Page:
The "piano" means "soft" in Italian. The instrument's name is actually short for "pianoforte" (soft-loud) which is short for β€œgravicembalo col piano e forte” (harpsichord with soft and loud). Calling it "piano" defeats the purpose of its original name that meant to depict its dynamic sound. kitsappianolessons.com/wh…
The fullname of a piano is a "piano forte" since it can be played quietly and loudly unlike the harpsichord. piano-keyboard-guide.com/…
The Viola Organista was an instrument invented by Leonardo Da Vinci that was never actually built, until a polish instrument maker created a real example recently. The instrument is like a piano, but the strings are bowed instead of hit with hammers or plucked like a harpsichord. classicfm.com/music-news/…
Sir Thomas Beecham once described the sound of the harpsichord as "two skeletons copulating on a tin roof." theguardian.com/friday_re…
Domenico Scarlatti's Fugue in G minor (or Cat's Fugue) was inspired by the sound of the notes played when his cat walked across his harpsichord's keyboard. euphonicspace.com/cat-fug…
The piano was originally called the pianoforte and its name is derived from the fact that it can be played soft (piano) and loud (forte) unlike other keyboard instruments preceding it like the harpsichord. dictionary.reference.com/…
The modern piano is an evolution of the Fortepiano, the name for which is actually an abbreviation for "Gravecembalo col Piano e Forte" - meaning "Harpsichord with Soft & Loud." The modern instrument, therefore, is literally known as a "Soft." en.wikipedia.org/wiki/For…
The harpsichord bridge in the Beatles' "In My Life" is actually a piano piece, played back at double speed. en.wikipedia.org/wiki/In_…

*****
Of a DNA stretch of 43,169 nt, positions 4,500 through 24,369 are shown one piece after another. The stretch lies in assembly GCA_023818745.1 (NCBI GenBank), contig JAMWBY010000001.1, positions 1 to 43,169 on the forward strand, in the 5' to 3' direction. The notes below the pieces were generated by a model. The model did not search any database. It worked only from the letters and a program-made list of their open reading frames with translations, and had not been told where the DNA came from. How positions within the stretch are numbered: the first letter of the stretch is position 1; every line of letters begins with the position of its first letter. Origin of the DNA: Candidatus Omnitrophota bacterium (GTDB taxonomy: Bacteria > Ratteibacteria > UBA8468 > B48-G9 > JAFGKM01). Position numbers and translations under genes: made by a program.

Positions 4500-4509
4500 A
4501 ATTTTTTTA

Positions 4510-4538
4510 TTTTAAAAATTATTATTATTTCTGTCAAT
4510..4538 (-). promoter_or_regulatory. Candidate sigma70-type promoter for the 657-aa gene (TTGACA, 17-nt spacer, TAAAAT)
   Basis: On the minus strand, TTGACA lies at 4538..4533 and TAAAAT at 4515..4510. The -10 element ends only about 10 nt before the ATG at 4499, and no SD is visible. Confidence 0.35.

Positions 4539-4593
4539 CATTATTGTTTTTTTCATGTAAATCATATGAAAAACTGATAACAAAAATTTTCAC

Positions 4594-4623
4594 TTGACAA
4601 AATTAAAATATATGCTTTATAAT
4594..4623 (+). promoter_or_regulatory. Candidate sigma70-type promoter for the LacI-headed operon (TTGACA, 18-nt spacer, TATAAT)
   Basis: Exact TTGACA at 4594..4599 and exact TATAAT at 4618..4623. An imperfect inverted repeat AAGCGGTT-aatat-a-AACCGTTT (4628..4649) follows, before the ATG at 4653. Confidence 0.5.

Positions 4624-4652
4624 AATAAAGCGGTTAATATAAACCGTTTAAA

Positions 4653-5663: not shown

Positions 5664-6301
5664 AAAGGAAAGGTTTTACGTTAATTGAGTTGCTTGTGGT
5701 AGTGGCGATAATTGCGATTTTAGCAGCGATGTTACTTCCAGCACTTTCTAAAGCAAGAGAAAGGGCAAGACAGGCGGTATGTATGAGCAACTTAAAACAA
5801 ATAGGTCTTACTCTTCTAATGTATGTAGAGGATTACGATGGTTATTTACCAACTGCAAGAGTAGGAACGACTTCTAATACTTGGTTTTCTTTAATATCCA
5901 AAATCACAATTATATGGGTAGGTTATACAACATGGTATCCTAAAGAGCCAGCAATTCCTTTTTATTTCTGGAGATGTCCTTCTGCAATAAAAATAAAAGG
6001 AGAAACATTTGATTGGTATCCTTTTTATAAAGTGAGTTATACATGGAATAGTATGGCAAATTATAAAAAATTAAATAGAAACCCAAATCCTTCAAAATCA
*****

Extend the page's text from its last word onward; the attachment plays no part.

Baroque composer Domenico Scarlatti allegedly wrote a piece inspired by his pet cat walking across his harpsichord keyboard en.wikipedia.org/wiki/Cat…
The piano solo in The Beatles song "In My Life" is played by their producer George Martin. It was originally played slower and was sped up to make the piano sound like a harpsichord. songfacts.com/detail.php?…
The "harpsichord" solo on the Beatles "In My Life" is not a harpsichord, but a piano played at 2x speed

http://en.wikipedia.org/wiki/In_My_Life#Recording

George Martin made it while the Beatles were at lunch and wanted something Baroque sounding, and while he couldn't play a harpsichord speed, he could play the piano at half the speed and an octave lower. When sped up, it gives us the sound we hear in the song.

Harpsichords at the Paris Conservatory were torn apart and burned for firewood after the popularization of the piano. usc.edu/uscnews/stories/1…
Organs are not only older than pianos, but have existed as early as ancient Greece and required multiple people to play them. en.wikipedia.org/wiki/Org…
On pianos dating from the 18th century when Mozart was alive, the colors of the keys was exactly reversed: the white keys were black and the black keys were white. yamaha.com/en/musical_ins…
Even though the piano creates sound using strings, it is usually classified as a percussion instrument because the strings are hit by hammers to generate the sound, rather than plucked or bowed. en.wikipedia.org/wiki/Pia…
The true name of the piano is actually pianoforte, meaning "soft and loud". en.wikipedia.org/wiki/Pia…
"Fringe" theme is based on J. S. Bach's music. Now I love this show even more!

J.S.Bach's Prelude and Fugue No. 1 in C major, BWV 846: http://www.youtube.com/watch?v=RqMgCYUJBuo (harpsichord, first 2 minutes) http://www.youtube.com/watch?v=0KQW2YnCUrE (piano, first 2 minutes)

"Fringe" theme: http://www.youtube.com/watch?v=c4Vvs_JAh04

edit: As crash7800 explained, "Fringe" theme is not based on this Bach's piece. They only share similar structure. It's so fun! :)

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